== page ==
The incredible shrinking case

  • Mayor Sheila Dixon and her lead attorney, Arnold M. Weiner, face the media after her conviction on a single charge of taking gift cards intended for the city's poor.
Mayor Sheila Dixon and her lead attorney, Arnold M. Weiner,… (Baltimore Sun photo by Algerina…)
December 01, 2009|By Jean Marbella

To the end, it remained the incredible shrinking case, starting as an investigation into millions of dollars of city contracts, but then becoming a trial about the use of hundreds of dollars of gift cards.

The case continued to shrink as the trial progressed, and then on Tuesday, the jury found Mayor Sheila Dixon guilty on just one misdemeanor count -- of misappropriation.

But as it turned out, that's all it took. Suddenly it was unclear who was the mayor of Baltimore City. The city solicitor quickly issued a statement saying, "The jury's verdict today does not impact the Mayor's responsibility to continue serving as Mayor of the City of Baltimore at this time," but surely that wouldn't be the last word.

In any event, Dixon made a point of going directly to City Hall from the courthouse, but she obviously returned to her office under much changed circumstances.

But how changed? The first couple of hours after the verdict turned into a swirl of activity — from City Hall refusing to let reporters in to trial observers speculating on what happens next to everyone seeming to just need time to absorb the impact of the jurors' decision.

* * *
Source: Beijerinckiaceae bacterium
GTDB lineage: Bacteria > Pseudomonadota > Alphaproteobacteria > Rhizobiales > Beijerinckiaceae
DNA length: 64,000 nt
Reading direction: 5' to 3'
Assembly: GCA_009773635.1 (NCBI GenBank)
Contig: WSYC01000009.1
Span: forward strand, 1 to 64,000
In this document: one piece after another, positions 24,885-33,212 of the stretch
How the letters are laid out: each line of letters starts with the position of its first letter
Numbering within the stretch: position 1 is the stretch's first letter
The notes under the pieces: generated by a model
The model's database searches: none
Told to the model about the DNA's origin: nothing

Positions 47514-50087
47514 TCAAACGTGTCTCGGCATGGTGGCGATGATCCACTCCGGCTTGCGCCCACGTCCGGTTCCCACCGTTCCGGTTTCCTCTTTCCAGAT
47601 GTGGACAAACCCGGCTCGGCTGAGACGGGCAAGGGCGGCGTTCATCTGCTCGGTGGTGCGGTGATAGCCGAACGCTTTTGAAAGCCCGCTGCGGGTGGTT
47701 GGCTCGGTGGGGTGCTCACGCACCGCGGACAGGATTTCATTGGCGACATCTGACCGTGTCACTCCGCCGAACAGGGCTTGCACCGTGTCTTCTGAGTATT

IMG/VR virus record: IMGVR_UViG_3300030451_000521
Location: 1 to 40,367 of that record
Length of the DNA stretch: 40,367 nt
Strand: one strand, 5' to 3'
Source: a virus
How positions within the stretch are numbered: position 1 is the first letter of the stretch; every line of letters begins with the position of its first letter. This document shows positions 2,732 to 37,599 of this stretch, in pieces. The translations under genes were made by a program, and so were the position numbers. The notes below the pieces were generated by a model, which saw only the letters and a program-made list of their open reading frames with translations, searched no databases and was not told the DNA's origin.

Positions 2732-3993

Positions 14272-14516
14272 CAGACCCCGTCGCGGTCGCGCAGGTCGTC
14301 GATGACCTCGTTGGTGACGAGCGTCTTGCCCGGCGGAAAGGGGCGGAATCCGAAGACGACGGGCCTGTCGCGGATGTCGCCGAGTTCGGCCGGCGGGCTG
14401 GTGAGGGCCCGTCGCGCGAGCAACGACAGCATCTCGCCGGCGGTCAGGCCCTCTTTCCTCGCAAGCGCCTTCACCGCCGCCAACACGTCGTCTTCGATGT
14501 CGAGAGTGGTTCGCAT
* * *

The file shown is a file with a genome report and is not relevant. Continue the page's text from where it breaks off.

As long awaited as the verdict was — it took seven days of deliberations — it still landed as a shock in a packed courtroom that had been warned against any outbursts.

Dixon remained stone-faced even as everyone else seemed to crumble from the intensity of the moment, even as her eyes appeared to fill with tears as she addressed the media. Her lawyers were visibly emotional after the hard-fought trial, and some supporters cried in the courtroom.

At least one juror also felt the impact of what she had helped decide.

"It was kind of heartbreaking," said juror No. 3, who would only give her first name, Shawana, when she spoke to reporters after the verdict.

"I did vote for Dixon," the 23-year-old said. "I felt we're losing something good. But we're gaining something else."

That gain, she said, was the lesson that no matter who you are, you don't get a pass on taking something away from someone — in Dixon's case, gift cards said to be for the needy.

Even as she was taking a hard line — "I personally believe you do the crime, you do the time" — Shawana said she felt the enormity of what jurors decided.

"It was like giving someone the death penalty," she said. "You're putting your hand on someone's life."

Shawana's name was misspelled when this column was initially posted online. The Baltimore Sun regrets the error.

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